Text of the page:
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June 10 2021 - News
Many pet food manufacturers with whom I speak are increasingly interested in functional ingredients to meet market demand for healthy and nutritious pet food. Omega-3 fatty acids are an excellent example of a pet food ingredient that can be beneficial to cats and dogs of all ages, including those with specific health conditions, if used correctly. In order to make a true functional health claim, you must ensure that you use the right omega-3 source, in the right amounts, and in the right combination within the pet food formula.
Omega-3 fatty acids play an essential role in the physiological processes of mammals, such as cats and dogs, and have many additional health benefits. They increase the absorption of vitamins and minerals, stimulate hormone production, ensure healthy growth and development, and help to manage inflammatory problems in the prevention and treatment of diseases. More specifically, the intake of omega-3 fatty acids is reported to have a positive influence on joints, skin/coat, heart, eyes, and brain function. Achieving these benefits first of all depends on using the right types of omega-3 fatty acids.
There are three types of omega-3 fatty acids involved in the physiology of mammals: the short-chain alpha-linolenic acid (ALA) and the long-chain eicosapentaenoic acid (EPA) and docosahexaenoic acid (DHA). Since cats and dogs are unable to synthesize any of the essential omega-3 fatty acids, they must be obtained through diet. A common yet crucial misunderstanding is that all three are equally beneficial. In actual fact, ALA first needs to be converted in the body into EPA and then into DHA to achieve any health benefits. This only happens at a very low conversion rate. To achieve full health benefits, pet food therefore needs certain inclusion levels of EPA and DHA. Realizing this requires careful consideration of ingredients.
Of the different omega-3 fatty acids, the short-chain ALA fatty acid is most common and is found mainly in vegetable oils, such as flax oil, soya oil, and canola oil. Use of these ingredients, however, yields very low functional amounts of the beneficial long-chain EPA and DHA fatty acids. Furthermore, many vegetable oils are rich in omega-6. Especially when combined with commonly used poultry ingredients, this can result in pet food with an imbalance between the amounts of omega-6 and omega-3. High amounts of omega-6 may cause inflammatory health problems. Making a functional health claim for omega-3 can therefore only be realized by adding EPA and DHA to pet food directly.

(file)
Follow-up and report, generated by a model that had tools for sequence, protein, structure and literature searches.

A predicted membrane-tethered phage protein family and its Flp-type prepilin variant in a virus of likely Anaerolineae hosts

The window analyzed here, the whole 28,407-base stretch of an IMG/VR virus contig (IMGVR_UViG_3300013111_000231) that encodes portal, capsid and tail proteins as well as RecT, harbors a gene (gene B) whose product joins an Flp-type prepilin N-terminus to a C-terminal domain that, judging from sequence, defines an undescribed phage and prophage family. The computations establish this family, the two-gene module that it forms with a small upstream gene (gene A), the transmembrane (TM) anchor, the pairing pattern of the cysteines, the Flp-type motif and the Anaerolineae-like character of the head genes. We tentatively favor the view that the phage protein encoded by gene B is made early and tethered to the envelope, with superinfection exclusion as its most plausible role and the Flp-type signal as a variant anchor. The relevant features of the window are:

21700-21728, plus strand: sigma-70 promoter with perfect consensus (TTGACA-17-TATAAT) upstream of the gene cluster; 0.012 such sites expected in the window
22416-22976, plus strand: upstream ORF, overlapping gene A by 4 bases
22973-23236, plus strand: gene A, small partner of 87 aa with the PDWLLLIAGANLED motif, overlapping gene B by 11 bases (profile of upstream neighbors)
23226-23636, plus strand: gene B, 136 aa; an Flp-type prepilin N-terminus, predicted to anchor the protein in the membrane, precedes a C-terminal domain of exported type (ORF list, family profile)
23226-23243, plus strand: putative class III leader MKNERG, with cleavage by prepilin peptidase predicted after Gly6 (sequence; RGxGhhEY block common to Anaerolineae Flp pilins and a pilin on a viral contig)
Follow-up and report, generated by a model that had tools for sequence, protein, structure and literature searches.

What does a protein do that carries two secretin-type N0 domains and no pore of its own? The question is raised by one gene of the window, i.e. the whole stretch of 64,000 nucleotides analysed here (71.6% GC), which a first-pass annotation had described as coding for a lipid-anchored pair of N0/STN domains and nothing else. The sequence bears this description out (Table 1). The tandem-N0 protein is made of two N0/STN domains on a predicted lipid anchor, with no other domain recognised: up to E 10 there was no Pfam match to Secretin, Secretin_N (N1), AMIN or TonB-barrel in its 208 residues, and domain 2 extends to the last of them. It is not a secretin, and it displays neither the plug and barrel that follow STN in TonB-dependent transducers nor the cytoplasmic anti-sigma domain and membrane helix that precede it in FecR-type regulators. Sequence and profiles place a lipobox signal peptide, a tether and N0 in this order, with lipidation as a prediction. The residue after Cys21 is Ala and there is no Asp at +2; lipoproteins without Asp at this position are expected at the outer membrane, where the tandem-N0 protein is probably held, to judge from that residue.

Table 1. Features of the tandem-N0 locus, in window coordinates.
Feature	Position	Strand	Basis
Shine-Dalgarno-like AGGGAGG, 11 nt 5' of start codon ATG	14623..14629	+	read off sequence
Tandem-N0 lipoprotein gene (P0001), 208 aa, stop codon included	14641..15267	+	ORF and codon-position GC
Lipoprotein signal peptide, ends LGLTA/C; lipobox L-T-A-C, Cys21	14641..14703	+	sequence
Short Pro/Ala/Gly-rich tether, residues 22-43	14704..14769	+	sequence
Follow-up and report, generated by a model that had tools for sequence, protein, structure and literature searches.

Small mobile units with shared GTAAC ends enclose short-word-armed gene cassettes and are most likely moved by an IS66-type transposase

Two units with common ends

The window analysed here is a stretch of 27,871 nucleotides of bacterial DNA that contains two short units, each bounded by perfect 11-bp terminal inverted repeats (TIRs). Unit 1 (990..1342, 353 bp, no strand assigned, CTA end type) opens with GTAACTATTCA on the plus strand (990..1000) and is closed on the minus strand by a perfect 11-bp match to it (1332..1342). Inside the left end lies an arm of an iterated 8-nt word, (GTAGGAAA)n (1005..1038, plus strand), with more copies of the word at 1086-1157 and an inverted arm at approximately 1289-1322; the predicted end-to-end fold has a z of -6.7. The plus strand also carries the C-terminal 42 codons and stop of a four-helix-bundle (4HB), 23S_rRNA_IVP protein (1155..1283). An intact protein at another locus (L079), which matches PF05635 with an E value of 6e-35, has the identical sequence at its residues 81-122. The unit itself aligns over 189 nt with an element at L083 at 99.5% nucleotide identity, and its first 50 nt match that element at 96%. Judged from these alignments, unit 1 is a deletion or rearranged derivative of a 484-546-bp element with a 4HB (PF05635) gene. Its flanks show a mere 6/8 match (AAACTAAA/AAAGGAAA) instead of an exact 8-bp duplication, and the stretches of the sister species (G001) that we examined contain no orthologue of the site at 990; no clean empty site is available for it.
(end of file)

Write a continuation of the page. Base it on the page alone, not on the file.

EPA and DHA are mostly found in marine oils and algae. Of the different marine oils, farmed salmon oil averages only 3% EPA and 4% DHA compared to 9% EPA and 11% DHA in wild salmon oil. At IQI, we also supply refined and deodorized fish oil, made from different species of fish, which averages around 18% EPA and 12% DHA. The supply of fish oil is already exceeded by increasing global demand, however, causing prices to fluctuate. A very good alternative is our MSC-certified full-fat krill meal, which contains 24% omega-3 fatty acids of which 21% is EPA and DHA. Both krill and different species of fish actually accumulate their omega-3 reserves by consuming microalgae. IQI’s algae DHA, made from cultured microalgae, actually has a minimum DHA content of 28%, making it the most effective, efficient, economical, and sustainable source of long-chain omega-3 fatty acids to meet increasing global demand.
Careful consideration of these aspects will ensure that pets of all ages, from puppies and kittens to our most senior four-legged companions, can enjoy good health. Older pets develop different needs or may start suffering from health conditions that need special care and attention. The intake of long-chain omega-3 fatty acids, for example, supports aging brains, enhances joint health in older dogs, improves clinical symptoms in cats and dogs with osteoarthritis, and reduces the severity of cachexia in cats and dogs. Since the life expectancy of our pets is increasing, senior pet nutrition is becoming an increasingly important area of expertise – so stay tuned for my new blog and white paper on this specialized subject!
Meanwhile, if you are interested in more in-depth information on the benefits of using different omega-3 sources in your pet food formula, take a look at the white papers already available from IQI:
Geert van der Velden is IQI Trusted Petfood Ingredients’ Innovation Manager responsible for Business Development, generating new products and concepts that meet the needs of existing and new customers. Geert has more than 25 years’ experience in the international pet food industry and has gained knowledge and experience in many sections of IQI’s business.